browser hits for museum site : LUSENET : WebDevelopers : One Thread

Since friday we have had over 17,000 visitors from as a result of being Flashkit's Featured Site. (Replacing Tomb Raiders)

I thought that everyone would enjoy seeing the breakdown of browsers.

We have had 0 visitors using Netscape 6. Wow.

1 Microsoft Internet Explorer 465,443 90.94% 16,272

2 Netscape 37,261 7.28% 1,112

3 Other Netscape Compatible 6,833 1.33% 70

4 MSProxy/2.0 657 0.12% 37

5 WebTrends 556 0.1% 15

6 MSFrontPage/4.0 325 0.06% 3

7 Others 133 0.02% 12

8 Opera/5.10 (Windows ME; U) 88 0.01% 2

9 Opera/5.11 (Windows 98; U) 85 0.01% 2

10 Opera/5.10 (Windows 2000; U) 68 0.01% 1

This breaks down as:

1 Netscape 4.x 33,811 90.74% 1,047 2 Netscape 5.x 3,435 9.21% 53 3 Netscape 3.x 15 0.04% 12 Total For Browsers Above 37,261 100% 1,112


1 Explorer 5.x 430,947 92.58% 15,191

2 Explorer 6.x 24,680 5.3% 644

3 Explorer 4.x 9,758 2.09% 415

4 Explorer 2.x 30 0% 8

5 Explorer 3.x 28 0% 14

Admitting that my sample is probably not totally representative as the majority of's people are developers, I think that these are interesting numbers. And must be totally depressing for the people that worked on Netscape 6.0.

For those that are curious.

1 Windows 98 253,154 49.46% 10,102

2 Windows NT 178,086 34.79% 4,807

3 Macintosh PowerPC 53,098 10.37% 1,523

4 Windows 95 13,809 2.69% 564

5 Others 12,393 2.42% 340

6 Linux 1,130 0.22% 236

7 SunOS 54 0.01% 2

8 Hewlett Packard Unix (HP9000) 44 0% 1 9 Windows Win32s 34 0% 15

-- Anonymous, May 16, 2001


"I hate to disagree (actually, I don't!), but every listing of browser marketplace share that I've ever seen - and I've seen a lot - has IE's market share at a minimum of 80%. Many have IE at 90%. And almost all those IE users are at version 5."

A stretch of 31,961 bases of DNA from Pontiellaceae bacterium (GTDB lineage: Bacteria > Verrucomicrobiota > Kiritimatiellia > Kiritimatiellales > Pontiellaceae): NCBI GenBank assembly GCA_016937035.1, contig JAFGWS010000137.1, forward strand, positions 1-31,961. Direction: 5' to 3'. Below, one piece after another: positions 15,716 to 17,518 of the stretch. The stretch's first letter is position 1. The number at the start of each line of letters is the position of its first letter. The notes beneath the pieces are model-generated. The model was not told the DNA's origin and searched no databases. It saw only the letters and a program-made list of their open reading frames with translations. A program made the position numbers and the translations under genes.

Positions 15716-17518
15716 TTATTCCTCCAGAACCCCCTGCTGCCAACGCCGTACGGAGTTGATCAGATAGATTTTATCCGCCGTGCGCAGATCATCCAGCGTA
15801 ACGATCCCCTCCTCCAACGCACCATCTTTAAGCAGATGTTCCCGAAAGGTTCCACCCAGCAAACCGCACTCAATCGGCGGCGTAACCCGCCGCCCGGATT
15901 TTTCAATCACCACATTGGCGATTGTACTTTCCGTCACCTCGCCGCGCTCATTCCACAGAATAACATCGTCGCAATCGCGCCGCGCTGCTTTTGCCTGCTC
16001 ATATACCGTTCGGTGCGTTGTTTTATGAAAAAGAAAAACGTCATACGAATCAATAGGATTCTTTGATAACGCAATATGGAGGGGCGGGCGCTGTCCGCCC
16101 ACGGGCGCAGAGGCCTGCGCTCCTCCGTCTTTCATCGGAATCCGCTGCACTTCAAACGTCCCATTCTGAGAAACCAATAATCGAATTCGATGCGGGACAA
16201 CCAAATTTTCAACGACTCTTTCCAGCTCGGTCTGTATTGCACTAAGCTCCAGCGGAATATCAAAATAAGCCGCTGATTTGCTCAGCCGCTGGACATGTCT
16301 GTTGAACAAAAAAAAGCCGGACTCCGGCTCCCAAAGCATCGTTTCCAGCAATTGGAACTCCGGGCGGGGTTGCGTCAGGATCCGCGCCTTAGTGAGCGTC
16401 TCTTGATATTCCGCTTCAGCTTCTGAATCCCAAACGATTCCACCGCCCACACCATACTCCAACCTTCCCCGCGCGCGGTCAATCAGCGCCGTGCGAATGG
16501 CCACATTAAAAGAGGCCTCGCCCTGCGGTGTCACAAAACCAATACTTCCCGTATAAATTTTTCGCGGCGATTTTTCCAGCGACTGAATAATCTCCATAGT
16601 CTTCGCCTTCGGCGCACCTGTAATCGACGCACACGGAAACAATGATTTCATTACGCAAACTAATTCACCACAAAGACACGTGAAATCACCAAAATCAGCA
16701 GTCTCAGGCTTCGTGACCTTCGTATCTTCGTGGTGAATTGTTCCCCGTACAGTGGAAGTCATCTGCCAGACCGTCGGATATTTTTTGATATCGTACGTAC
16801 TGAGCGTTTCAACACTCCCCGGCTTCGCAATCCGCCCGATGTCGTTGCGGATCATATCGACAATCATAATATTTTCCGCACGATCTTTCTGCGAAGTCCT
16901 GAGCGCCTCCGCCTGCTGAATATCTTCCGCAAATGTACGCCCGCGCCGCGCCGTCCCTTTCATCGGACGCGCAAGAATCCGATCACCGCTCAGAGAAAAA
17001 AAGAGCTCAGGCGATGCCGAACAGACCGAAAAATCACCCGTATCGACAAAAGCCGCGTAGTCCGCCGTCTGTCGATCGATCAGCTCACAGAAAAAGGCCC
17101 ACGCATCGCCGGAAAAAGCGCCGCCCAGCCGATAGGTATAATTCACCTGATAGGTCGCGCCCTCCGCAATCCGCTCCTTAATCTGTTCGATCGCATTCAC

The 40-45% is a rough estimage from some of the site logs that I look at on a regular basis, .. I was not citing any 'public poll'.

MS is still ruding on Win98 popularity right now, so I'm not surprised that the current survey numbers are skewed. The bigger question is - what will people do when MS starts trying to *force* them to use XP? XP will be the biggest marketing nightmare in the world with it's system branding and forced registration. You should have heard them side-stepping the issue in the XP 'pre-release' at ITEC!

I'm sure everyone remembers the big hoopla when Intel released their CPU S/N, which public pressure forced them to withdraw (by allowing it to be turned off). Do you really think MS can prevail with exacly the same sort of antics?

We have some corporate clients that say they will NEVER use XP unless MS announces a way to do site licensing. (Can you imagine the nightmare of trying to track a *specific* CD for each and every machine? I don't THINK so!!) For others, we are even recommending NOT upgrading to Office 2000, .. and many actually considering moving to StarOffice. Later this year, there will also be some better LDAP solutions so there will finally be some decent options for those organizations hooked on Outlook.

>Opera, Konqueror, Mozilla, etc. are all at single-digits.

At the current time, .. but market share is definately NOT increasing for MS. IE's market share has definately peaked, .. and it can go nowhere but down from here.

"Netscape 4 is in double-digits, barely. And frankly, the sooner Netscape 4 is down to a single digit - 0 - the happier I'll be."

I'm actually surprised at that comment. I have seen a LOT of folks make mistakes when creating a site, and when testing with IE the site looks just fine whereas testing with NN or any other standards-compliant browser have shown major problems! Also, as I am sure you know, IE has a LOT of custom, proprietary tags that do not work in any other browser.

I always recommend testing with NN. I have seen very little code that works in NN *not* work in IE, .. but IE code not working in NN due to problems that IE fixes 'automagically' has been a BIG problem in our classes.

Also, if HTML 4.0 *ever* propagates as a standard (i.e. NN 6, Mozilla, ...) IE will be creating more of a problem, not less, with it's departures from the standards.

-- Anonymous, May 25, 2001

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